Korg MPS-10, new advanced drum percussion and sampling pad

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Korg MPS-10 is a new drum percussion and sampling pad with a striking design and Korg’s answer to the Roland SPD-SX Pro.

Okay, now to a topic that I deal with less often: drum pads. You can find them often in drummer rigs, mainly to expand the acoustic set with electronic sounds such as digital drums or effects. They are also popular among synth players to trigger sample-based sounds or to make live drums/percussions.

Roland showed one of the most exciting drum pads in recent years with the SPD-SX PRO in 2022. First place at Thomann, so it seems to be a success for the company. Korg, also from Japan, is now competing with the SPD-SX PRO with the new MPS-10.

Korg MPS-10

Korg MPS-10

Regarding design, my point goes to the new Korg drum pads. I have a feeling that the designers were free to let off steam, or aliens hijacked them because the design of the new MPS is super striking and unusual. Well, Japanese companies are known for wild designs every now and then; see Zoom. 

In terms of features, the new MPS-10 is a classic drum percussion and sampling pad. It offers ten velocity-sensitive pads, which, according to Korg, are made of durable rubber. The individual pads are illuminated with color-coded LEDs flashing out of narrow slots.

Besides the classic pads, the MPS-10 also offers four MIDI CC pads at the top. They detect the exact position of the strike and can translate this into MIDI values. This allows you to control the parameters of a synth or so.

Sampling On The Fly

Korg’s new pad is a sampling pad. Besides its factory library (2350 pad instruments +, 3000 samples, and 100 pre-assigned kits), you can sample directly on the device. This is possible via the stereo line input or the microphone input.

The MPS-10 supports samples in WAV and AIFF formats with a resolution of 44.1/48 kHz, 16 bits. The maximum sample length is 60 minutes. The core can manage up to 3000 samples in 2358 instruments with a maximum polyphony of 48 voices.

Good, the MPS-10 has an internal memory of 32 GB, on which you can import samples via the computer or a USB stick.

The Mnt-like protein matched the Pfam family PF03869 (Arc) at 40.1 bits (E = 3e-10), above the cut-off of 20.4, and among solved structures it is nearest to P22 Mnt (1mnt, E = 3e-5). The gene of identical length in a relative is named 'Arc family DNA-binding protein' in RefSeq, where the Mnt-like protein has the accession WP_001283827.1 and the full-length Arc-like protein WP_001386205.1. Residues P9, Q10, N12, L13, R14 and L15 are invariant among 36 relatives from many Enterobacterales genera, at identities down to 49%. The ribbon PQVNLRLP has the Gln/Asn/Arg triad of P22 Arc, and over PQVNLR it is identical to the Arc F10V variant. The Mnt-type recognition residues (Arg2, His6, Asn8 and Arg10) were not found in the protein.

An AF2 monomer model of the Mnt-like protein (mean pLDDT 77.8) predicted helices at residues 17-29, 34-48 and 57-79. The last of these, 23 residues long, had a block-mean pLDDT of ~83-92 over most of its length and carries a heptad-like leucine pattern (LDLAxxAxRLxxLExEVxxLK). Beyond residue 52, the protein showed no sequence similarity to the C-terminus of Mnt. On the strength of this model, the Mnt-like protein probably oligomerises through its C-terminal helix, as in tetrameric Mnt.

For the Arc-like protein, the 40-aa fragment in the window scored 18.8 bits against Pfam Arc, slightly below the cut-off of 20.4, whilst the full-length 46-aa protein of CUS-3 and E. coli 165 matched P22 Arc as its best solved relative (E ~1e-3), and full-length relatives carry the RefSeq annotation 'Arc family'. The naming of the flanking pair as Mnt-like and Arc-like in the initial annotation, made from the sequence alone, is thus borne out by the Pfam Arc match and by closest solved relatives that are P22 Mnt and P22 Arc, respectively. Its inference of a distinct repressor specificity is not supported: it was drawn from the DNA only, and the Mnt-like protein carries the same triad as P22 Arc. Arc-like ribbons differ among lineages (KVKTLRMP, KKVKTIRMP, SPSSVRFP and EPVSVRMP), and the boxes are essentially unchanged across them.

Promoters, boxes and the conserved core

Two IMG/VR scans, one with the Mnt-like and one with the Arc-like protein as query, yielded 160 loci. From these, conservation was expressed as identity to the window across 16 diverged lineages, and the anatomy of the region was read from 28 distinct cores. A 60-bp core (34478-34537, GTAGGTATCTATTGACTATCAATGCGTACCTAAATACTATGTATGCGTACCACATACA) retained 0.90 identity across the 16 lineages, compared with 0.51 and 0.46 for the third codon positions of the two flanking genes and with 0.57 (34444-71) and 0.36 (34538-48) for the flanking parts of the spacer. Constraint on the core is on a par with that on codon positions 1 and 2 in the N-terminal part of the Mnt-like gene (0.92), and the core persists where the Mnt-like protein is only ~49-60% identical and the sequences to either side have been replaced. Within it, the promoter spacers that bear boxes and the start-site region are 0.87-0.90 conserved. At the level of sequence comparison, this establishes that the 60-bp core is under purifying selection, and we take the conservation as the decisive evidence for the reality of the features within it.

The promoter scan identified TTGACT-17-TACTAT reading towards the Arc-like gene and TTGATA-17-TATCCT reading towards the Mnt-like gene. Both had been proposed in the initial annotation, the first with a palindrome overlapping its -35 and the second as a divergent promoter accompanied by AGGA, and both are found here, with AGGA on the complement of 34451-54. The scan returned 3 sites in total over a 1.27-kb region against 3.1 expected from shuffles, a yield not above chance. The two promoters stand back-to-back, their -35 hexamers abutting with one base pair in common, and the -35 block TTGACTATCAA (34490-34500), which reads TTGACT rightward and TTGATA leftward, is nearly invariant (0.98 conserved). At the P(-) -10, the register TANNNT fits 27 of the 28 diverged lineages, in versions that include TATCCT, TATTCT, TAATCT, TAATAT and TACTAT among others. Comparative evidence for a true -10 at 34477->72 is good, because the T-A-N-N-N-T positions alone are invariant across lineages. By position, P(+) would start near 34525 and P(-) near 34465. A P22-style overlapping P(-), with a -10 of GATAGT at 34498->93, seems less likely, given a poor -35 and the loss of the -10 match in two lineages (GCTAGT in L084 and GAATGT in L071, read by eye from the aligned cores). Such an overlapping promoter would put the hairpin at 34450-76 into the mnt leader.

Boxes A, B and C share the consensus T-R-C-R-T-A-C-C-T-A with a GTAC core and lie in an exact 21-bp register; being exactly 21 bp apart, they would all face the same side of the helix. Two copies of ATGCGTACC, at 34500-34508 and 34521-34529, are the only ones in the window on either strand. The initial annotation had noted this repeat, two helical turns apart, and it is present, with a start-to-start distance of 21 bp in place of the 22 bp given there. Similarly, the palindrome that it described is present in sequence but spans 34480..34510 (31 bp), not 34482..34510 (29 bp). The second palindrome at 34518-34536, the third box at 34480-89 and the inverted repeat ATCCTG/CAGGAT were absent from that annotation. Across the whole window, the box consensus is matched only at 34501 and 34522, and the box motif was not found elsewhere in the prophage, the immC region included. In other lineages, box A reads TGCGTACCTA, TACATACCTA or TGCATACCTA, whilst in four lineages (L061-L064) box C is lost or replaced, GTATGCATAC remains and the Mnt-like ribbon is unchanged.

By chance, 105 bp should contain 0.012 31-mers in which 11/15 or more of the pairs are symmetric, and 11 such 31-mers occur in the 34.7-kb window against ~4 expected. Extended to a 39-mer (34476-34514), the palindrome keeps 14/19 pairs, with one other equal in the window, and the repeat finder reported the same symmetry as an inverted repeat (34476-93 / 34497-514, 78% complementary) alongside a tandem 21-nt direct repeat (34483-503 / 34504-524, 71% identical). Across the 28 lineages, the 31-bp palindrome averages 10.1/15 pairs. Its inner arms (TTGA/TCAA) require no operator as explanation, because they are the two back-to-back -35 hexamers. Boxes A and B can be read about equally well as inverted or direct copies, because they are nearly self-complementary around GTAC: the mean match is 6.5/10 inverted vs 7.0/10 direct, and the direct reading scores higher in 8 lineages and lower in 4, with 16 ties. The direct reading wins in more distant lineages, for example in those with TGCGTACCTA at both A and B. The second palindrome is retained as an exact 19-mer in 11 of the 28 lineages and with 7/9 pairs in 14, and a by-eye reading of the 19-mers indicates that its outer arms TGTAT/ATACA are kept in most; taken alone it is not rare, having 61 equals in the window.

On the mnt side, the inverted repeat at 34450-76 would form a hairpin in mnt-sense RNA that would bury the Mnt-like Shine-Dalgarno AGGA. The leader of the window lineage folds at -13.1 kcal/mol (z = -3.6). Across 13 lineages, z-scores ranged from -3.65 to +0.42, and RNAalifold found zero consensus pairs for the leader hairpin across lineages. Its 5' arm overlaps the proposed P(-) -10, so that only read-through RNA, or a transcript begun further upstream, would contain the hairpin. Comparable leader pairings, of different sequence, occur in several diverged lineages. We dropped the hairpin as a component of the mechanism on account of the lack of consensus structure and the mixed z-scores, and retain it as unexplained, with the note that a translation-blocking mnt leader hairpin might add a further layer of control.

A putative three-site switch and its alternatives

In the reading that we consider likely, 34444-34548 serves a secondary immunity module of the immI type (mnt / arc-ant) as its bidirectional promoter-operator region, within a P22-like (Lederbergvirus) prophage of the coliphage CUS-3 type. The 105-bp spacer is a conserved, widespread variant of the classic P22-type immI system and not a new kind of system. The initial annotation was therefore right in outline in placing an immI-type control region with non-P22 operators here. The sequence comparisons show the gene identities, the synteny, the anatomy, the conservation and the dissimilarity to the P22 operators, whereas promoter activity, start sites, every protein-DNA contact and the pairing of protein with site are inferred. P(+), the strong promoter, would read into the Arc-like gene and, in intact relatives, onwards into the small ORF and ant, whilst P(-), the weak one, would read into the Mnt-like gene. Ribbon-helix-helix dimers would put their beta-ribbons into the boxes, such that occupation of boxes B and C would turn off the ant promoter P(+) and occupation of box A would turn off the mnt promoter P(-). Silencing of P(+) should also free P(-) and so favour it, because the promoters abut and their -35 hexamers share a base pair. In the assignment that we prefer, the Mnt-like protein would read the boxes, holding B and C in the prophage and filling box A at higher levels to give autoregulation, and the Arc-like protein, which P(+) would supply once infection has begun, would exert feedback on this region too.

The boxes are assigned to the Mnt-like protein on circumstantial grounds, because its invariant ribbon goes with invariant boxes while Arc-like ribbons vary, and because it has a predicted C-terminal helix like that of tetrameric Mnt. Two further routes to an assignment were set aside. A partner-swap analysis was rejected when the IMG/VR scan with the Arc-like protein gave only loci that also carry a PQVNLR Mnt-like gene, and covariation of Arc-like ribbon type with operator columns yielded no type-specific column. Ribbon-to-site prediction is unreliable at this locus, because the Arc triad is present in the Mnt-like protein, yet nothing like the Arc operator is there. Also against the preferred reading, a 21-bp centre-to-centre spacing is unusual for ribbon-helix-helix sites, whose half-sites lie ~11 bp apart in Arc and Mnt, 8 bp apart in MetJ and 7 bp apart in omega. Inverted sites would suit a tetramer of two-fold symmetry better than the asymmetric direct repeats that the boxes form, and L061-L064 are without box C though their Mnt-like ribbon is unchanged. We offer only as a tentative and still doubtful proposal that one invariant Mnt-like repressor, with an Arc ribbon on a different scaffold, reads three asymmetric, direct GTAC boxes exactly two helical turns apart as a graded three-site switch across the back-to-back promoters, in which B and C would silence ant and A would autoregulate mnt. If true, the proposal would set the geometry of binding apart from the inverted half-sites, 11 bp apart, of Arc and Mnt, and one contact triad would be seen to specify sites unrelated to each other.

Then, these sounds can be refined using a multi-effects section. It consists of 77 algorithms with two inserts and one main per kit. Plus, you get a master FX section with a reverb and a filter.

For stage use, the Korg MPS-10 includes a setlist function made for creating kits in a specific order. With the Smooth Sound Transition (SST) function, you can fade out sounds naturally when switching kits.

Korg has also integrated a neat 4-track looper with its own effect section and a function for exporting individual tracks.

MPS-10 backside


On the backside, you get a headphone jack, a stereo main output, two additional line outputs (sub1/2), and stereo input and mic for sampling. There are also up to four external trigger inputs via two jack sockets. Next, you get two foot switches and an expressive pedal input.

Further, there is a MIDI output on 5-pin DIN, two USB ports (memory, to PC), and a power supply input.

To match the MPS-10, SEQUENZ (a Korg company) also offers an aluminum holding plate (MP-1) with which the sampling pad can be attached to a standard multi-clamp. And finally, there will also be a free editor for sound management. 

First Impression

At first glance, a very extensive drum and sampling pad. The MPS-10 looks like a solid alternative to the Roland SPD-SX Pro. Korg’s pad is a bit more expensive but we have to wait and see how the price develops on the open market.

Korg MPS-10 will be available for 1099€ in January 2024. 

More information here: Korg 

Hardware Audio & MIDI News


  1. Higher sample rate = more downshifting without artifacts.
    Higher bitrate = wider range for compression possible.

    There’s a difference between using samples as a sound source and using audio files to play back recorded, mixed, and mastered music. Most won’t hear it’s 16bit @48kHz, but man will it get obvious when the sample is manipulated.

    • Yes, of course, and this is exactly the kind of instrument you DO NOT buy if you want to manipulate samples. Typically these drum pad things offer level, pan, pitch, and maybe decay per pad. The main reason you buy something like this is because you want to make sounds happen by hitting something with a stick.

      I just thought it was weird to call out the DAC specs on this box like it’s a big let down. It’s like pickup truck bros mocking the towing capabilities of a Prius…completely missing the point.

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